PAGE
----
Main Push Pipeline

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We’ll review the Main Push Pipeline. This is what happens when a push is made to the main branch. Here’s the relevant YAML section.


  - main # once merged into main `terraspace up` runs on dev env

  vmImage: ubuntu-latest

# Note: common-variables group must already exist.
- group: common-variables

- task: UseRubyVersion@0
    versionSpec: '>= 3.1'

- script: |
  displayName: install terraspace

- script: |
    export TS_TOKEN=$(TS_TOKEN)
    # Uncomment export INFRACOST_API_KEY if using cost estimates
    terraspace up demo
  displayName: terraspace up

Pipeline Scripts

The trigger: ["main"] tells Azure to run this pipeline whenever there’s a commit pushed to main. The pool specifies the VM image to use. In this case: Ubuntu.

The steps section contains the meat of the logic. The Azure Pipelines YAML Schema docs are useful.

In the first step, we use a task to install Ruby. Some pre-built tasks are provided by Azure or even 3rd parties.

We then use two script steps to run bash scripts. The first script calls the supporting install script. The script looks something like this. We’re sumarizing it for clarity.



# install terraform
git clone ~/.tfenv
export PATH="$HOME/.tfenv/bin:$PATH"
tfenv install 1.5.5 # do not use later than 1.5.5
tfenv use 1.5.5
terraform --version

# install terraspace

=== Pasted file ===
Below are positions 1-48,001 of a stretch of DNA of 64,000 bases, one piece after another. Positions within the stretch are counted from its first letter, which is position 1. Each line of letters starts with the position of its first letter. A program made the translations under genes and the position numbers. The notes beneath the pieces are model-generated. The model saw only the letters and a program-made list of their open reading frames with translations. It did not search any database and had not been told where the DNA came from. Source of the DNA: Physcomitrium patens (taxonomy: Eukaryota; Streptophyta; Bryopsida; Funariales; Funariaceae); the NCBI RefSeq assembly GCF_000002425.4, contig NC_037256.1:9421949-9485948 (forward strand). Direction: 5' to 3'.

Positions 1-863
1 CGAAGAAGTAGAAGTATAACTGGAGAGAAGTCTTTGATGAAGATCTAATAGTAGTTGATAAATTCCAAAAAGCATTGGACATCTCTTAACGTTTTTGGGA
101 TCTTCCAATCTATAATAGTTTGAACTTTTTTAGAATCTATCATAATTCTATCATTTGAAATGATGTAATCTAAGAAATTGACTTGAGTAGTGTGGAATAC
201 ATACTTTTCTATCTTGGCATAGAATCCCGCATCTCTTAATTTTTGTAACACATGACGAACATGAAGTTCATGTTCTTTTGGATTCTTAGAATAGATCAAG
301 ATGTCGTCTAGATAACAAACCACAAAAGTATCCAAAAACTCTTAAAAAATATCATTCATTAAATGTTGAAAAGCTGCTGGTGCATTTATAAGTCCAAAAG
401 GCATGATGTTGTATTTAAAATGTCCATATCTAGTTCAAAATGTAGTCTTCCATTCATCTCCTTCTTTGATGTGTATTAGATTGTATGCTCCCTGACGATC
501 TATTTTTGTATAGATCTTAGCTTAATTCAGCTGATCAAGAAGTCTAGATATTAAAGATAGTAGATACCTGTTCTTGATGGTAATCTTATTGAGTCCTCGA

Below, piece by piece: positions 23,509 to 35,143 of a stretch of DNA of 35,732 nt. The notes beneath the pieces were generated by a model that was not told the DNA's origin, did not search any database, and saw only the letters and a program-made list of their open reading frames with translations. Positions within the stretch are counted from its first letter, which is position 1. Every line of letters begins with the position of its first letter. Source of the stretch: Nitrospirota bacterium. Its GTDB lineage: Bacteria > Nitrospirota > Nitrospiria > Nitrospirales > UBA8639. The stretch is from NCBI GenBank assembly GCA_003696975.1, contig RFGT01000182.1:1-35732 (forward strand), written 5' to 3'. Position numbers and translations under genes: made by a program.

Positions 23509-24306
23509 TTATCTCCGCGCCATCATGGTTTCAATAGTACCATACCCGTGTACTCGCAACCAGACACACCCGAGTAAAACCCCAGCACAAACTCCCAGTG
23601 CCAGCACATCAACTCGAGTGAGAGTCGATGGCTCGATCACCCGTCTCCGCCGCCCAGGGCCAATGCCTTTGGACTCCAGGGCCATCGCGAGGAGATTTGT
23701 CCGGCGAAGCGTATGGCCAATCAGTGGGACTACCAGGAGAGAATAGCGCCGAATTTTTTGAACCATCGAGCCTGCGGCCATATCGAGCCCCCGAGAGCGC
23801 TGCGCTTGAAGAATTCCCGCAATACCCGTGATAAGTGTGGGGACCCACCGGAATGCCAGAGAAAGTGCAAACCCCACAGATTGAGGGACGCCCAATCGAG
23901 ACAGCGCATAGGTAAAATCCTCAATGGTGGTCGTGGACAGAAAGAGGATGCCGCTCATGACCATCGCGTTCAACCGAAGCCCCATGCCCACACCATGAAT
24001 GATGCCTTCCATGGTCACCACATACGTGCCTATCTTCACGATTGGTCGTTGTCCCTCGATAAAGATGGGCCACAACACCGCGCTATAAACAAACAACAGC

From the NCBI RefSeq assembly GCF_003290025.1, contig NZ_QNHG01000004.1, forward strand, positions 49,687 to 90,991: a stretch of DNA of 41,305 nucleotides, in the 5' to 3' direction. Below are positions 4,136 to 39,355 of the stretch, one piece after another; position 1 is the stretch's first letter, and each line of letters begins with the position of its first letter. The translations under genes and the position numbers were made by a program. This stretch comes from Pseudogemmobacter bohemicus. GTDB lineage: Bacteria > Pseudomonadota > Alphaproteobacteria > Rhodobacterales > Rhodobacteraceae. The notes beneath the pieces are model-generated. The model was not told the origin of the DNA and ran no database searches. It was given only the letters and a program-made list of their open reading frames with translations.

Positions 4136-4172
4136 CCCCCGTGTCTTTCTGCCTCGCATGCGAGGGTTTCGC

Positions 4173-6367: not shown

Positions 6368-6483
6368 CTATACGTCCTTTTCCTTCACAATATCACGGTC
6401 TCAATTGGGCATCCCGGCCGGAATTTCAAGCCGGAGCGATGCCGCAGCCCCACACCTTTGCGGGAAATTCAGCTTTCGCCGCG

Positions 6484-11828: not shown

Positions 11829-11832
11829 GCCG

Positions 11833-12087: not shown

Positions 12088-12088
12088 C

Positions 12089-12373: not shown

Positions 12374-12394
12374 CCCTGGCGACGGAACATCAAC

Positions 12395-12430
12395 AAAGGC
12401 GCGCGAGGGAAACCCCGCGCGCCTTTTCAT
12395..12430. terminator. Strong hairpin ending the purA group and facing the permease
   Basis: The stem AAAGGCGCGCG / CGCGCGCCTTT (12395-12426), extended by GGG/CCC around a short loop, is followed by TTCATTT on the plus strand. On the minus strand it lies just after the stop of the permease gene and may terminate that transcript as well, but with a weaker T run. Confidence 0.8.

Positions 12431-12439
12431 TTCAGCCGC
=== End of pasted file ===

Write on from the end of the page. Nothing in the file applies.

bundle install
terraspace --version

The script installs terraspace and dependencies like terraform.

The second script step exports some required env variables and then calls

terraspace up demo -y

Essentially, terraspace up will automatically run for dev infrastructure for every push to main.

Terraspace Command

At the very end, the terraspace up demo -y command will run to deploy the demo stack. You can customize this command or add additional commands. IE: You probably want to use terraspace all up if you prefer.

Commit and Push

Let’s commit and push the files.

git add .
git commit -m 'add ci'
git push -u origin main

Once the YAML files are push, we’ll be able to create the initial pipelines.

Creating the Pipeline with the Azure Portal

To create the pipeline:

  1. Click on the New Pipeline Button. Note, if you don’t have any pipelines yet, there’ll be another button that says something like “Create First Pipeline” instead.
  2. For “Where is your code”, select Azure Repos Git
  3. Choose the Repo with your code. In the example shown below, it’s called infra-ci, yours will be different.
  4. For “Configure Your Pipeline”, select Existing Azure Pipelines YAML file
  5. Select an existing YAML file, choose the /.azure/pipelines/dev-up.yml file
  6. Then click Run
  7. It is useful to rename the pipeline right away to something better. Rename it to dev-up
  8. Click on the pipeline to see the logs

Here’s the New Pipeline button.

Where’s your code.

Choose the Repo with your code.

Select Existing Azure Pipelines YAML file.

Select existing YAML file /.azure/pipelines/dev-up.yml.

Click Run

Here’s the rename button.

Here’s the rename form.

Here are the logs.

The logs show that a random_pet resource was created. 🐶🎉

Creating the Pipeline with the az cli

Tip: You can also create the pipeline with the az CLI

az devops configure --defaults organization= project=PROJECT
az devops configure --list
az pipelines create --name dev-up --yml-path .azure/pipelines/dev-up.yml # starts pipeline immediately

Next, we’ll look at the Branch Pipeline.

More tools: